Twitter’s API has been one of the most popular on the consumer internet for years, but Twitter’s relationship with developers has at times been quite tumultuous.

There’s a good reason for that: as Twitter has grown into one of the largest social networking companies in the world, making money has become far more important than keeping developers happy.

For developers building things that potentially threaten or limit Twitter’s ability to earn revenue, that has meant trouble.

For developers choosing to ignore the signs that building on the Twitter API was growing in risk, the news this week isn’t good.

In a blog post yesterday, Michael Sippey, Twitter’s director of consumer product, announced changes that are coming in version 1.1 of the company’s API.

In addition to requiring applications to authenticate and the introduction of a more stringent new rate-limiting scheme, Sippey detailed edits to Twitter’s Developer Rules of the Road, most of which are, as Instapaper creator Marco Arment puts it, “bad news for developers”.

One of the biggest pieces of bad news is that Twitter’s Display Guidelines, which describe how applications showing tweets should display them, are becoming Display Requirements. If you want to use the Twitter API to display tweets, you will, for instance, always have to display the author’s avatar and the text of the tweet below the author’s name and @username.

Building an awesome mashup that displays tweets alongside content from other services? As ReadWriteWeb’s Jon Mitchell observes, one of the new requirements is that “Tweets that are grouped together in a timeline should not be rendered with non-Twitter content. e.g. comments, updates from other networks.”

According to Twitter’s Sippey, “If your application displays Tweets to users, and it doesn’t adhere to our Display Requirements, we reserve the right to revoke your application key.” In other words, developers who care about their applications will have far less ability to create unique experiences around content pulled from the Twitter API going forward.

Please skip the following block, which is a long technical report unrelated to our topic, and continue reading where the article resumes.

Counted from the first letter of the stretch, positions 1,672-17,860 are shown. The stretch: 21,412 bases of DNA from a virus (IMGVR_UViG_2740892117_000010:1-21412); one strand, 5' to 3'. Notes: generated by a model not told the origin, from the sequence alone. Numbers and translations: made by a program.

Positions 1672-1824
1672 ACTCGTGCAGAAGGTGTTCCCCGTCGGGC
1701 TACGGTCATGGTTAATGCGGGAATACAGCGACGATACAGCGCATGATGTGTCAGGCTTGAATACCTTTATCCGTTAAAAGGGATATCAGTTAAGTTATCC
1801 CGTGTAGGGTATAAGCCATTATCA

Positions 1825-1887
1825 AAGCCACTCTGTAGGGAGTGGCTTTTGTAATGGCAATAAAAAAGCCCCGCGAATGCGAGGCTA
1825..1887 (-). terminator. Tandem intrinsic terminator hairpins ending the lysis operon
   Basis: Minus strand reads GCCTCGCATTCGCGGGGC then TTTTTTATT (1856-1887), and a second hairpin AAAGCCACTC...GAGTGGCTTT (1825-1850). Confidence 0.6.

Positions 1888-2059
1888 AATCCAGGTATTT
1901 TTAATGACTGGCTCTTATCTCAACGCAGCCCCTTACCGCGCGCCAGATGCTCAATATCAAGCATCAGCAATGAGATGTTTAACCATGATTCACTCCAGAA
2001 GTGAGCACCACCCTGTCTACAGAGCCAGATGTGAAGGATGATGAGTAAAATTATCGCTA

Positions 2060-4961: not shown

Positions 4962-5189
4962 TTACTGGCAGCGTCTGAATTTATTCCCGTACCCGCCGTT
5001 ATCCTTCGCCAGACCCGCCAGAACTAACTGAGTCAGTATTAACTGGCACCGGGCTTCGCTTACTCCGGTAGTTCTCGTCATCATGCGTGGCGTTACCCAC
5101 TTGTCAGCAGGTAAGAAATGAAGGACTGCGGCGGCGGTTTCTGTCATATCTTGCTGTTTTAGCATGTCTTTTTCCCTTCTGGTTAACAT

For developers yelling “Why!?” (or “WT*!?!”), Twitter has a simple answer: it wants to control the market for consumer-oriented Twitter clients and syndication. Building a social CRM tool, enterprise client or social analytics platform? Twitter wants you to keep doing what you’re doing. But if you’re hoping to build applications that provide functionality and experiences Twitter would like to own, you’re not welcome.

“Nearly eighteen months ago, we gave developers guidance that they should not build client apps that mimic or reproduce the mainstream Twitter consumer client experience. And to reiterate what I wrote in my last post, that guidance continues to apply today,” Sippey writes.

To be fair to Twitter, it has been fairly transparent about its intentions, as bad as some may believe they are. At the same time, the company’s dramatic shift doesn’t provide much comfort that Twitter’s plans won’t change going forward, leaving developers who currently think they’re in the clear out in the cold.

Which raises an interesting question: can Twitter change the rules of the game this late in the game and still sustain a thriving developer ecosystem? We will soon find out. In the meantime, the Twitter API as we know it is effectively dead.